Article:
Plan Melbourne refresh - submissions analysis May 2016

Plan Melbourne Metropolitan Planning Strategy Submissions Analysis - May 2016

This following documentation is a direct extraction of content from the State Government’s recently released Plan Melbourne Metropolitan Planning Strategy Submissions Analysis May 2016 relevant to the issues of the Green Wedge Coalition as detailed in our submission to Plan Melbourne refresh process made in December last year.

This report was independently prepared for the State Government by Capire Consulting.

This summary does not provide the state government’s response to the main messages but aims only to overview what organisations and individuals said.

A total of 315 ‘unique’ submissions were received. A further 82 submissions were received from individuals associated with two golf clubs seeking to have land included within the urban growth boundary. These submissions took the form of a campaign, were single issue and related to two specific sites. These submissions were treated as two individual submissions (one for each golf club).

The heading are as in the Plan Melbourne Metropolitan Planning Strategy Submissions Analysis May 2016.

What we heard

  • Submitters offered mixed views about locking in the urban growth boundary. They strongly supported the concepts of the polycentric city and 20-minute neighbourhood. Support for the 20-minute neighbourhood was clarified by some concerns about whether it was possible to achieve in low-density suburbs with an entrenched dependence on cars. There was also support for including a separate chapter on place and identity.
  • There was support for National Employment Clusters (NECs) having a stronger focus on innovation, but that planning for them should look beyond core institutions. Submitters also agreed it was important to protect high-value agricultural land and areas for extractive industries.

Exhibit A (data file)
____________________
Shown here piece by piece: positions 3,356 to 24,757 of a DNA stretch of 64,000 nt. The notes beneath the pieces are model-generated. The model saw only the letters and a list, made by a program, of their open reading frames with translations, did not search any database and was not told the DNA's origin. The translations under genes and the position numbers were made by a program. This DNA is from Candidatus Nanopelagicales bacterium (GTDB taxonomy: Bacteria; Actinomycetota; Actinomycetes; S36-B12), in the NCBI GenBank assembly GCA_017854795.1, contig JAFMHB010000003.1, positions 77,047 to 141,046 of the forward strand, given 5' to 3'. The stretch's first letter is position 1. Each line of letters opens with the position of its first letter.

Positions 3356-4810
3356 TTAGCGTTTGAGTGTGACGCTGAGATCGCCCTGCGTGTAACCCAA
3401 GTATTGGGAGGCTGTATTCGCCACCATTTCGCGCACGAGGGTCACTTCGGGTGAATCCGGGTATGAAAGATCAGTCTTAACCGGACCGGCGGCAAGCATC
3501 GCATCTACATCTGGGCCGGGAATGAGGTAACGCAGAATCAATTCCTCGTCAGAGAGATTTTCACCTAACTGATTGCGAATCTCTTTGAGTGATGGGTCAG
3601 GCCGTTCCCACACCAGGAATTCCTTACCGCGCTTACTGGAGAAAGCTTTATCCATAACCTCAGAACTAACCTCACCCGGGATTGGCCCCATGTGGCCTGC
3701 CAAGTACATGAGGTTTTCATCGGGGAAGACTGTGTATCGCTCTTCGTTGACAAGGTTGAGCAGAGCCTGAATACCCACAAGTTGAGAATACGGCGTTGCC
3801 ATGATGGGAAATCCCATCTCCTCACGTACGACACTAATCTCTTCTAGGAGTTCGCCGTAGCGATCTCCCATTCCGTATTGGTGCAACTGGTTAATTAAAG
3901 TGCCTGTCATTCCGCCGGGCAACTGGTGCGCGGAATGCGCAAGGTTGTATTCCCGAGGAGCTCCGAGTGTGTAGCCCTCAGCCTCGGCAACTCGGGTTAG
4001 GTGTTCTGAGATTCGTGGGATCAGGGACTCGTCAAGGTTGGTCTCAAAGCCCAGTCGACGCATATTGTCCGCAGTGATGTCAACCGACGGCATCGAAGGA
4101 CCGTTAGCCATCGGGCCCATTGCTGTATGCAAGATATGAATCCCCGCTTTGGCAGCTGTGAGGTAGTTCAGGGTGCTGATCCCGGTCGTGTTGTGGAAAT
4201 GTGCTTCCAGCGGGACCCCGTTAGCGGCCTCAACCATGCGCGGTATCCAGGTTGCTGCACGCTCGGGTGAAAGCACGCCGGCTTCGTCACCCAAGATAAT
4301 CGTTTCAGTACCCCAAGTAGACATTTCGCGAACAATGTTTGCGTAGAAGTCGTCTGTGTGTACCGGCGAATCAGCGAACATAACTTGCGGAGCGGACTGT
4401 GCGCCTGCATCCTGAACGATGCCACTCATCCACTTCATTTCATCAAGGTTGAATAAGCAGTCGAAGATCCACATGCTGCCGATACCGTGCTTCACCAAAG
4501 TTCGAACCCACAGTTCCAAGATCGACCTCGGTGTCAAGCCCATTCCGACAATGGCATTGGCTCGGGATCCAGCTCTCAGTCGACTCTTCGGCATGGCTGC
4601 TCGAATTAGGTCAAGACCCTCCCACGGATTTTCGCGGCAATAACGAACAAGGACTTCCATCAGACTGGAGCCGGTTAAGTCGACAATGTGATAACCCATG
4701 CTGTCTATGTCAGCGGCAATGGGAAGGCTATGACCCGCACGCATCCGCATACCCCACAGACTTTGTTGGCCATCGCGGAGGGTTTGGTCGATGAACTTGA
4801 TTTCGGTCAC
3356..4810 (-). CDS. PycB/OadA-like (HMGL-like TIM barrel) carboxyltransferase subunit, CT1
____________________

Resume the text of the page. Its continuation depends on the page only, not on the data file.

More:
• There was widespread support for all measures outlined in the discussion paper to address climate change. Submitters were in favour of planning policies that support a cooler and greener city, hazard management and the uptake of renewable energy and low-emission technologies. They also backed measures to improve the long-term health of key flora and fauna habitats.

2          Growth challenges, fundamental principles and key concepts

2.3 Containing growth, protecting key values in peri-urban areas and green wedges

A total of 158 submissions responded to an option in the discussion paper to lock down the existing urban growth boundary with 59% of these submissions either strongly agreeing or agreeing with the option.

Submitters offered mixed views about locking in the urban growth boundary, with support from local government and some industry organisations and concerns from the development industry and individuals. Some submitters who did not agree felt that ongoing flexibility to review the boundary in line with Melbourne's growth was needed, or that there must be a definitive process to resolve logical inclusions before lockdown. 82 petition style letters raised this issue in relation to two golf clubs.

Submitters also:

  • said the State Government should prepare a peri-urban policy statement
  • said Plan Melbourne 2016 should identify important agricultural land, areas of biodiversity importance, high-value landscapes and airport buffer attributes/roles
  • said the State Government should better articulate and communicate the importance of the green wedges and the peri-urban area, which need to be understood as part of Melbourne's cultural and social fabric
  • asked for specific sites to be included in the urban growth boundary
  • raised concerns about residential development encroaching on valuable agricultural land in green wedges and peri-urban areas
  • supported replacing the integrated economic triangle concept included in Plan Melbourne with a high-level 2050 concept map.

3          Delivering jobs and investment

3.4        Strategic agricultural land and extractive industries

Agricultural land

The discussion paper invited feedback on evaluating the range of planning mechanisms available to protect strategic agricultural land. Plan Melbourne highlights that highly productive agricultural land around Melbourne is under threat from urban encroachment and residential development.

In regard to the protection of strategic agricultural land, submitters:

  • agreed that high-value agricultural land should be protected
  • said that current planning mechanisms should be reviewed and strengthened where necessary
  • considered the definition and process for identifying high-value agricultural land to be important; and that intensive and innovative agribusiness activities and ancillary uses should not be excluded from land zoned for agriculture.